The problem with Mia Freedman’s ‘leggings are not pants’ column

As I see it, the bigger problem with Mia Freedman’s “leggings are not pants” column is not what she said in the column, but what she didn’t say afterwards. She was using what she believed to be a light-hearted point about clothing to introduce bigger issues around political attitudes, and I get that. And for many in her audience (judging by the comments on her blog), they get that too. But when it was pointed out by some readers that there are classism, ableism and sizeism judgements in the leggings as pants conversation, any good points that Freedman’s column made were immediately erased by her response: that they were wrong. Instead of admitting that she’d never thought about those issues before, she told people their views were not legitimate. Readers on her blog responded the same way, telling people to “get over it” and that they were “getting upset about nothing”. Critics were silenced.

I highly recommend reading Fat Heffalump‘s post on the isms around leggings: Cut the snarky fashion judgement crap.

The leggings as pants conversation is one we had here last year. I made a joke about it, but it wasn’t a very funny joke and I offended my readers. I relied on people knowing that I don’t believe anyone has the right to tell others what to wear so it must be a joke, which is not good enough when you have a public blog. So I apologised and updated my post. I had never considered the issues around leggings, but now I know better.

I also offended people with a remark about bullying in my Kyle Sandilands post, and updated that one too. I guess it’s about what kind of person you want to be: someone who can’t see their privilege, or someone who is willing to acknowledge how their privilege shapes the way they see the world. (My privilege: white, middle-class, able-bodied, in a heterosexual relationship. It’s almost the Western privilege jackpot, right there.)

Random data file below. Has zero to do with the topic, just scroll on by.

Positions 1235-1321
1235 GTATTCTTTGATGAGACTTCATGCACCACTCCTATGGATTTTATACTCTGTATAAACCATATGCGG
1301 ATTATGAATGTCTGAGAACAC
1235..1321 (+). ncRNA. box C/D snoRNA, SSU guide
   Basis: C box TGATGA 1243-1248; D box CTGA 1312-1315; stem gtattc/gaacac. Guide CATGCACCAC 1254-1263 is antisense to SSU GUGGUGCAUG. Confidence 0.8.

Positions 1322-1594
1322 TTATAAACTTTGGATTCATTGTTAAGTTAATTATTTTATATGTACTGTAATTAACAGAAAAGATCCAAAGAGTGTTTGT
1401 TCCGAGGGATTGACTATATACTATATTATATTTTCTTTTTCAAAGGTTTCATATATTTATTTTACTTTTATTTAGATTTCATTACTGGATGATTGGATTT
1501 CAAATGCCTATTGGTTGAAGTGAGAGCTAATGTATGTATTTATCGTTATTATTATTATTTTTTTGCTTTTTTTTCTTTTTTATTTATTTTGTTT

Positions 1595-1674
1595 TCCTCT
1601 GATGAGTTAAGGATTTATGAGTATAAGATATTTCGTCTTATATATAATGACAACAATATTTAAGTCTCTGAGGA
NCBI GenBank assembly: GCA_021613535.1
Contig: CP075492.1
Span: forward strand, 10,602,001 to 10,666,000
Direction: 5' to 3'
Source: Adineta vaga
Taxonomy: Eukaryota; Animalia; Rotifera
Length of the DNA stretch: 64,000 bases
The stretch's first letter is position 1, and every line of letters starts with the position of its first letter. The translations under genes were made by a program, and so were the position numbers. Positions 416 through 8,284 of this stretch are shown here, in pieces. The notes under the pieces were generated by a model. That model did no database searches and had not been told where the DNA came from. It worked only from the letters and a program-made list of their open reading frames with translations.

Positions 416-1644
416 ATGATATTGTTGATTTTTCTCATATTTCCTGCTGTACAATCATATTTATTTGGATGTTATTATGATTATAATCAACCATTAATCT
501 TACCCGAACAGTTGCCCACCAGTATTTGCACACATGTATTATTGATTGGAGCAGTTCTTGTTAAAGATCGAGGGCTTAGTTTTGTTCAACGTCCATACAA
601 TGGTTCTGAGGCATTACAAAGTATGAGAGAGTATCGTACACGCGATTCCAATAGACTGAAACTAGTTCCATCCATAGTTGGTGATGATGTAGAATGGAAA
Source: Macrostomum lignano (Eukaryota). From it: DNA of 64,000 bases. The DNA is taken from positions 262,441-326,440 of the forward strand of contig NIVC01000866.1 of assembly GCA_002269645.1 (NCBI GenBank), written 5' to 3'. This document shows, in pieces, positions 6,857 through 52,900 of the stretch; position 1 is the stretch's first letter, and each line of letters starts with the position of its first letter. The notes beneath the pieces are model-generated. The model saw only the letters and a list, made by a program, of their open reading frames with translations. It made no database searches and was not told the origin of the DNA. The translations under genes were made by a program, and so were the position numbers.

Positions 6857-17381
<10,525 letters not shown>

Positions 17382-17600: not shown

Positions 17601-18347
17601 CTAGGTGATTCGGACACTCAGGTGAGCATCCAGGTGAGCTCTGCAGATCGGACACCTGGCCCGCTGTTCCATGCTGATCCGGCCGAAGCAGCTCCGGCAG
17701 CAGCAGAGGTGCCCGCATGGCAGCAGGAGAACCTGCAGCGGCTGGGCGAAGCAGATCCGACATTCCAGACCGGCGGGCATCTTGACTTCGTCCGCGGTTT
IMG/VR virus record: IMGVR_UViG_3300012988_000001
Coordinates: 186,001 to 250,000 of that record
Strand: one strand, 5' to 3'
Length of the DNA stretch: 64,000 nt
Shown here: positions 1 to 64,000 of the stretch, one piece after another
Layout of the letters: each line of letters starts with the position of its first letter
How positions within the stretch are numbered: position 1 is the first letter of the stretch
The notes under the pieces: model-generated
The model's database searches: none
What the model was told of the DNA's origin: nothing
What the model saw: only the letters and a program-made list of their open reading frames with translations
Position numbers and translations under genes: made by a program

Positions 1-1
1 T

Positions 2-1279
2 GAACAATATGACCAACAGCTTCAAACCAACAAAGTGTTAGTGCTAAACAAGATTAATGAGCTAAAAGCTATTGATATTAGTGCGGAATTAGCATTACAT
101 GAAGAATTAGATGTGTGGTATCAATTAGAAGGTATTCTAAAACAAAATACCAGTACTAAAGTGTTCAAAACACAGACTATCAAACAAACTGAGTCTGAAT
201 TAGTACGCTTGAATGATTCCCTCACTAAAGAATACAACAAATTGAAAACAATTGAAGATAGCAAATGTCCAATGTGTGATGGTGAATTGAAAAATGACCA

And since I’m sharing the times I’ve offended people through my ignorance, I used to say things were “lame” until it was pointed out that I was using ableist language. From FWD:

“Lame” is an ableist word. It’s an ableist word because it assumes that having difficulty walking is objectively bad, and that therefore, a word which is used to describe difficulty walking can be safely used as a pejorative to mean “this is bad.” Using “lame” reinforces ableism in our culture by reminding people that disability is bad, and that it’s so bad that it can be used as a shorthand code to talk about bad things in general.

(And before you say “oh, it’s political correctness gone mad”, I’d like to point out that in my experience, people who complain about political correctness are just annoyed that when they use someone’s race/religion/ability/gender as an insult, someone will call them on it.)

Freedman is, of course, free to hold any view she likes. And she’s free to write about her views, just as people are free to disagree with them. But it’s disappointing that when informed of the world outside Freedman’s privilege, and about how her comments have offended others, she put her fingers in her ears and shouted “LALALALALALALALALALA”.

59 responses to “The problem with Mia Freedman’s ‘leggings are not pants’ column

  1. But it’s disappointing that when informed of the world outside Freedman’s privilege, and about how her comments have offended others, she put her fingers in her ears and shouted “LALALALALALALALALALA”.

    That seems to be a bit of a trend for her.

  2. I think that’s what bugs me too, along with the fact that all the good stuff Mia talks about and the great articles commissioned get lost in the constant drama that swirls around this stuff.

    Even if she stands by what she says, surely a better response would be to say “okay, I hear you. I don’t agree, but there’ll be a piece tomorrow by someone examining those issues that are so important to a lot of you”

    Disagreeing with a point of view is one thing. Dismissing it does no one credit, least of all Mia.

  3. Frances said the very same thing I would have – that reaction is par for the course for Mia. She usually accuses people of being angry or having “OTT” (over the top) reactions, using her words for their own agenda, or just complaining that everyone is “picking on” her. She cannot understand the exasperation so many of us feel at having to explain over and over and over again that as the highly visible head of a large online publication, her words carry extra weight.